update and on-off control of beams [3]. In Fig. 2, the energynormalized throughput of the three given schemes is evaluated for SNR = 20dB for increasing N . The result indicates that as N increases, the energy-normalized throughput becomes larger owing to the reduced LIF, leading to increased multiuser diversity. It is obvious that the proposed scheme outperforms the conventional OIA and the scheme in [3] for all volumes of N . Another interesting observation is that with power control the energy-normalized throughput for S = 2 becomes higher than that for S = 1 when N increases beyond 5 × 102 . V. C ONCLUSION An energy-efficient OIA protocol with transmit power control was proposed for the MIMO IMAC, which can operate in a distributed manner without any additional feedback/feedforward overhead, compared to the conventional OIA scheme with no power control. More specifically, the optimal set of transmit vector and power was explicitly analyzed. It was shown that the proposed OIA method attains much higher energy-normalized throughput than the conventional OIA for given practical system parameters. The two cases S = 1 and (K − 1)S  L that greatly reduce the computational complexity were also examined. A PPENDIX A. Proof of Theorem 1 First consider the existence of an infeasible solution. To satisfy the given constraint (3b), the transmit power pg,s at the sth MS in cell g should be at least ρ/ζ(Gg,s ). If ζ(Gg,s ) < ρ/η, then the two given constraints (3b) and (3c) cannot be satisfied simultaneously, which means that a feasible solution does not exist. Let us turn to the case where ζ(Gg,s ) ≥ ρ/η. Denoting √ xg,s = pg,s vg,s the transmit signal at the sth MS in cell g, the Lagrangian function Ł(xg,s , λg,s , μg,s ) can be written as H Ł (xg,s , λg,s , μg,s ) = xH g,s Cg,s xg,s + λg,s (−xg,s Gg,s xg,s + ρ)

+ μg,s (xH g,s xg,s − η), where λg,s and μg,s are the Lagrange multipliers corresponding to constraints (3b) and (3c), respectively. Due to the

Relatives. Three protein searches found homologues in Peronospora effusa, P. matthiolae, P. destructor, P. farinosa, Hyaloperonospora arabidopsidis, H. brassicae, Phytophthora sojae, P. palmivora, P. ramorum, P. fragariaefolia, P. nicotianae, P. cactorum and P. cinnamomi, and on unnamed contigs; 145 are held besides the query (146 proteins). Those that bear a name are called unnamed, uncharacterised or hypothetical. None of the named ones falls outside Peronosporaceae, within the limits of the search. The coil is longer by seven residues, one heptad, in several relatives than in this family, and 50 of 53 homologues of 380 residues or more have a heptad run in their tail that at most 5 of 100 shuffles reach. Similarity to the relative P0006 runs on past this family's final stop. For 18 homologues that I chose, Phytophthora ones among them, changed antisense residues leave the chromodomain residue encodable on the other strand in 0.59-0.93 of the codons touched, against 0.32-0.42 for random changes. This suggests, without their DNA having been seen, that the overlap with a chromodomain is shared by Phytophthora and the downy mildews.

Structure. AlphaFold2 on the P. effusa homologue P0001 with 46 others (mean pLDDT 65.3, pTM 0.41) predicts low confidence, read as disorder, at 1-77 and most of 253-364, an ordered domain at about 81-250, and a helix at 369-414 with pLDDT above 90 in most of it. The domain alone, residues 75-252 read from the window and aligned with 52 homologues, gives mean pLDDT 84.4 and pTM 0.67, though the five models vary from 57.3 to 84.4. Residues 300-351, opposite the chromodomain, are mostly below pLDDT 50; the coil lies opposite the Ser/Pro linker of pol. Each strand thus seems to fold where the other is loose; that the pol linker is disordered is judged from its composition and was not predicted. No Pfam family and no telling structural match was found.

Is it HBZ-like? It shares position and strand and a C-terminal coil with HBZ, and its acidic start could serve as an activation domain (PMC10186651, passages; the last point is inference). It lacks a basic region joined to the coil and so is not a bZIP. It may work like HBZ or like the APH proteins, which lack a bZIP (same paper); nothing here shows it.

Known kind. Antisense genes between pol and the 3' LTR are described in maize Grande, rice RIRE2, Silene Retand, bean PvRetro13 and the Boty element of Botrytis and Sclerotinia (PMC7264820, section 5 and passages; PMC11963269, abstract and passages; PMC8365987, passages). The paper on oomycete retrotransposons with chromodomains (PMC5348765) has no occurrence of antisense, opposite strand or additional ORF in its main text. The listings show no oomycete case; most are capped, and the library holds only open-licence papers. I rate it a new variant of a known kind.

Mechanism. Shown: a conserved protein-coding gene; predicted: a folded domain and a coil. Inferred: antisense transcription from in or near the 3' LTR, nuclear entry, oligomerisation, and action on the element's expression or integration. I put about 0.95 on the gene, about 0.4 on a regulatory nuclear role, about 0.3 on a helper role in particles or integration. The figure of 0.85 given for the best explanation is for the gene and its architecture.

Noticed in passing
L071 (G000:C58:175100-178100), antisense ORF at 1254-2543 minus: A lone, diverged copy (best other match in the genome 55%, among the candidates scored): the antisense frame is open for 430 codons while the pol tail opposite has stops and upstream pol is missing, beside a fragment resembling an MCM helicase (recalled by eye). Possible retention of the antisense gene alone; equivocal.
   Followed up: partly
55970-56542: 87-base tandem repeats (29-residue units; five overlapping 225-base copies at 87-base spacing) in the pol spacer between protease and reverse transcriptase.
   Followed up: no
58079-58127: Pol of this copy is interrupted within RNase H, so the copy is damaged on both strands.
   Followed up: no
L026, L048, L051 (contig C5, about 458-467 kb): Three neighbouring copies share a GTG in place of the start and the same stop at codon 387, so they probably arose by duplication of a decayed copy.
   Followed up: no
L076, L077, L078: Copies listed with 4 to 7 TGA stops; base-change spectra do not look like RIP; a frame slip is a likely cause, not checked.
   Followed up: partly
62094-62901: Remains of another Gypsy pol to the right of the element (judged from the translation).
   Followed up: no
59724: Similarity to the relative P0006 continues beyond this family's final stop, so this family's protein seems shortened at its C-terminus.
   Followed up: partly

where 0L ∈ CL×1 is the zero vector. The first KKT condition in (5a) can be transformed into an eigenvalue problem by multiplying by the term (Cg,s + μg,s IL )−1 . Then, it follows that  ˆxg,s = pˆg,s eM ((Cg,s + μg,s IL )−1 Gg,s ), (6) where pˆg,s is a power scaling factor. The next step is to find pg,s . The second condition in (5b) is the same as (3b), which indicates the required received signal level of the desired signal at each BS. We now focus on the third condition in (5c), which yields two cases μg,s = 0 or ||xg,s ||2 = η. When vg,s = pˆg,s ˆ μg,s = 0, it follows that ˆxg,s =  −1 −1 −1 −1 H ρ eM (Cg,s Gg,s ) Gg,s eM (Cg,s Gg,s ) eM (Cg,s Gg,s ) from ˆg,s = (5a) and (5b), where ˆvg,s = eM (C−1 g,s Gg,s ) and p  −1 −1 −1 H ρ eM (Cg,s Gg,s ) Gg,s eM (Cg,s Gg,s ) , which are feasible if pˆg,s ≤ η. When μg,s = 0 is infeasible, we obtain pˆg,s = η using (5c). Then, using (6) in (5b) results in (4). Here, the left-hand side of (4) is continuous with respect to μg,s and approaches ρ/ζ(Gg,s ) (≤ η) as μg,s tends to infinity. Hence, there exists a positive μg,s ∈ (0, ∞) satisfying (4), which completes the proof. R EFERENCES [1] V. Cadambe and S. Jafar, “Interference alignment and degrees of freedom of the K-user interference channel,” IEEE Trans. Inf. Theory, vol. 54, no. 8, pp. 3425–3441, Aug. 2008. [2] T. Gou and S. A. Jafar, “Degrees of freedom of the K user M × N MIMO interference channel,” IEEE Trans. Inf. Theory, vol. 56, no. 12, pp. 6040–6057, Dec. 2010. [3] Z. K. M. Ho, M. Kaynia, and D. Gesbert, “Distributed power control and beamforming on MIMO interference channels,” in Proc. 2010 European Wireless Conference. [4] S. A. Jafar and S. Shamai (Shitz), “Degrees of freedom region of the MIMO X channel,” IEEE Trans. Inf. Theory, vol. 54, no. 1, pp. 151–170, Jan. 2008. [5] C. Suh and D. Tse, “Interference alignment for cellular networks,” in Proc. 2008 Allerton Conf. Commun., Control, and Computing. [6] B. C. Jung, D. Park, and W.-Y. Shin, “Opportunistic interference mitigation achieves optimal degrees-of-freedom in wireless multi-cell uplink networks,” IEEE Trans. Commun., vol. 60, no. 7, pp. 1935–1944, July 2012. [7] H. J. Yang, W.-Y. Shin, B. C. Jung, and A. Paulraj, “Opportunistic interference alignment for MIMO interfering multiple-access channels,” IEEE Trans. Wireless Commun., vol. 12, no. 5, pp. 2180–2192, May 2013. [8] W.-Y. Shin, H. Yi, and V. Tarokh, “Energy-efficient base-station topologies for green cellular networks,” in Proc. 2013 IEEE Consumer Commun. Netw. Conf., pp. 91–96. [9] G. Strang, Linear Algebra and Its Applications. The Pearson Education Inc., 2005. [10] L. R. Haff, “An identity for the Wishart distribution with applications,” J. Multivariate Analysis, vol. 9, no. 4, pp. 531–544, Dec. 1979. [11] E. K. P. Chong and S. H. Zak, An Introduction to Optimization. John Wiley & Sons, Inc., 2008.